Most of the time this works quite well. But during rush-hour, the system is at its limits and only one malfunction away from total chaos.
Yes, though that is less of an explanation for a) the portions of the Tube which are above ground, and b) the much newer lines.
I'm assuming it's a bigger problem in the US, but when I lived in Munich the heat was actually most noticeable on cold winter days, when you'd be entering the oven in layers. The Munich stations are relatively cavernous and not that old, so I'm not sure what the source of problem was (maybe actual heating systems?).
I don't think the problem is historic heat, because once you reach equilibrium historic heat doesn't matter any more - and I don't think that takes decades. Instead, the more heat is dissipated by the system (because of more trains and people), the higher the equilibrium temperature will rise.
In Munich, the stations and tunnels themselves do not have heating system (probably except for the shops in there), but the trains do - and those will heat the tunnels. But nothing is as brutal as a trains that has been standing in the sun for hours and has been recently put into service.
Frankfurt/Offenbach is literally perfect. On the other hand, I have never, ever, ever had the NY subway described in pleasant terms, so I heavily doubt the "consensus" presented in the opening post
it also helps to be an egotist without a conscience.
The heat in the tunnels is largely generated by the trains, with a small amount coming from station equipment and passengers. Around 79% is absorbed by the tunnels walls, 10% is removed by ventilation and the other 11% remains in the tunnels.
Temperatures on the Underground have slowly increased as the clay around the tunnels has warmed up; in the early days of the Underground it was advertised as a place to keep cool on hot days. However, over time the temperature has slowly risen as the heat sink formed by the clay has filled up. When the tunnels were built the clay temperature was around 14ºC; this has now risen to 19–26ºC and air temperatures in the tunnels now reach as high as 30ºC.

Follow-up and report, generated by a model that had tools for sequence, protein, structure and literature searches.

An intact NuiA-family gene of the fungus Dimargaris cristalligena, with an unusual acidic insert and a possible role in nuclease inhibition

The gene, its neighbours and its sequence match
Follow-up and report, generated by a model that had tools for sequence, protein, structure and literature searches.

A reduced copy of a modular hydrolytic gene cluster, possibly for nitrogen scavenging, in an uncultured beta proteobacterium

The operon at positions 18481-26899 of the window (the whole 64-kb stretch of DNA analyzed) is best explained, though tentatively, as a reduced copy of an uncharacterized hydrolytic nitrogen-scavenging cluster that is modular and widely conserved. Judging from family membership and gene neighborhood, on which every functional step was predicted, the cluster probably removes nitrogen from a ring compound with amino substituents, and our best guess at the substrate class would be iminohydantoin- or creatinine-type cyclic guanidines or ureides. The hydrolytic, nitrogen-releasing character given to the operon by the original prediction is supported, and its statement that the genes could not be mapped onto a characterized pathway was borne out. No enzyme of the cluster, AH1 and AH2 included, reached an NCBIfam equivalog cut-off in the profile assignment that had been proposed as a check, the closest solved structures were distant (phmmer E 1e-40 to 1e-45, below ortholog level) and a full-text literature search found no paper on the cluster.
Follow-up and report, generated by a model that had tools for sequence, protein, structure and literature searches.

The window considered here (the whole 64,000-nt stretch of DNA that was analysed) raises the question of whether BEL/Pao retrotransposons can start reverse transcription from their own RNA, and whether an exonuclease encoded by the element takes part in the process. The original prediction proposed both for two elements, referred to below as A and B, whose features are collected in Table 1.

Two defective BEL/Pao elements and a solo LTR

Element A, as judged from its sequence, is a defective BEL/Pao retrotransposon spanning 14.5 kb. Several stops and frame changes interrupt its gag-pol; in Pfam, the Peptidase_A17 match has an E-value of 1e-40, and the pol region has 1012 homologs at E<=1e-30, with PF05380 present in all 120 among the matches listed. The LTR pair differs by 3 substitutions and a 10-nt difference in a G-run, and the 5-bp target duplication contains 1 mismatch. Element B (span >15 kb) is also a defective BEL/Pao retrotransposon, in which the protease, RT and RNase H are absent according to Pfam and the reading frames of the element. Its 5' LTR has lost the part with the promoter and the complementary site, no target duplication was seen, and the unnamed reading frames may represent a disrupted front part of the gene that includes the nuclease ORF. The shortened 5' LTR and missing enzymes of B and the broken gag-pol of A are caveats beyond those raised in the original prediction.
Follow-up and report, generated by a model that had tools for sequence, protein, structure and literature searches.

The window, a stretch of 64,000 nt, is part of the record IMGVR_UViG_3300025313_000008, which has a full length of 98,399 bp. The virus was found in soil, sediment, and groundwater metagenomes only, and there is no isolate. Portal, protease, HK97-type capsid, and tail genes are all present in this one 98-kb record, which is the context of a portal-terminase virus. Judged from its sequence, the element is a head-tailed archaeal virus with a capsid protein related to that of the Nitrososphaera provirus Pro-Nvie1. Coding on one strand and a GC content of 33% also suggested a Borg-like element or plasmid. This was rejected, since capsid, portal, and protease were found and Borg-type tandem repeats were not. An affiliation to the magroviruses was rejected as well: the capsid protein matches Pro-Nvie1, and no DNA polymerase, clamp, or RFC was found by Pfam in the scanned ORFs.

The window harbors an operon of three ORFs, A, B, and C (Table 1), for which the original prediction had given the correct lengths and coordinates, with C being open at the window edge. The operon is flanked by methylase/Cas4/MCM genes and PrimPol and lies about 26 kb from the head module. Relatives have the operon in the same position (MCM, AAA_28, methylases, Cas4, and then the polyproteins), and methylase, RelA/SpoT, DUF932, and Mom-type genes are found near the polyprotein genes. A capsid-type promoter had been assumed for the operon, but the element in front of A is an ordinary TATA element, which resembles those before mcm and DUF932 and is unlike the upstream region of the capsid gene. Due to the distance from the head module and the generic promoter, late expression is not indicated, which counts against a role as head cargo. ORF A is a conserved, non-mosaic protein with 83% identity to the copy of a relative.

Edit: I guess if this doesn't quite answer if it is 'historic heat' as the cause of the higher temperatures. If the tube stopped running, would it cool off in a couple of days or years?
Sounds plausible enough to me
You can easily make some rough calculations.
Heat transfer through the earth goes rather slow. Do mind that the core of the earth is still high temperature fluid from the collissions of 5 billion years ago.
Those subways do not really need to heat up. They just need to be warm enough to stop the heat gradient between deeper layers of the earth and the on average cooler temperatures of the surface.
Really deep mines are very warm, not from the mining equipment, but from the geothermal heat.
What will take an influence is the composition of the earth at subwaystation spots. Thermal resistance does differ depending on earth composition.
Using some values for the thermal conductivity, specific heat capacity, and density of clay, assuming a depth of 50 m and making some very rough estimation, my answer would be: months.
Whenever Japanese trains are actually late, the train issue passagers a printed notice that it was their fault to take to work.
As its normally expected that trains arrive within 30secs of their expected time, train drivers are punished for being late and it is national embrassement when that happens.
The main problem is the massive overcrowding due to the lack of capasity of the train lines, people being packed like sardines.
I dont thiink train drivers should be punished for being late, but the entire timetable is designed to run like a machine as Trains timetable are extremely rigid again due to lack of capasity.
Japan also has the cool maglev bullet train, the speed gains arent that impressive to justify the cost though.
Separate names with a comma.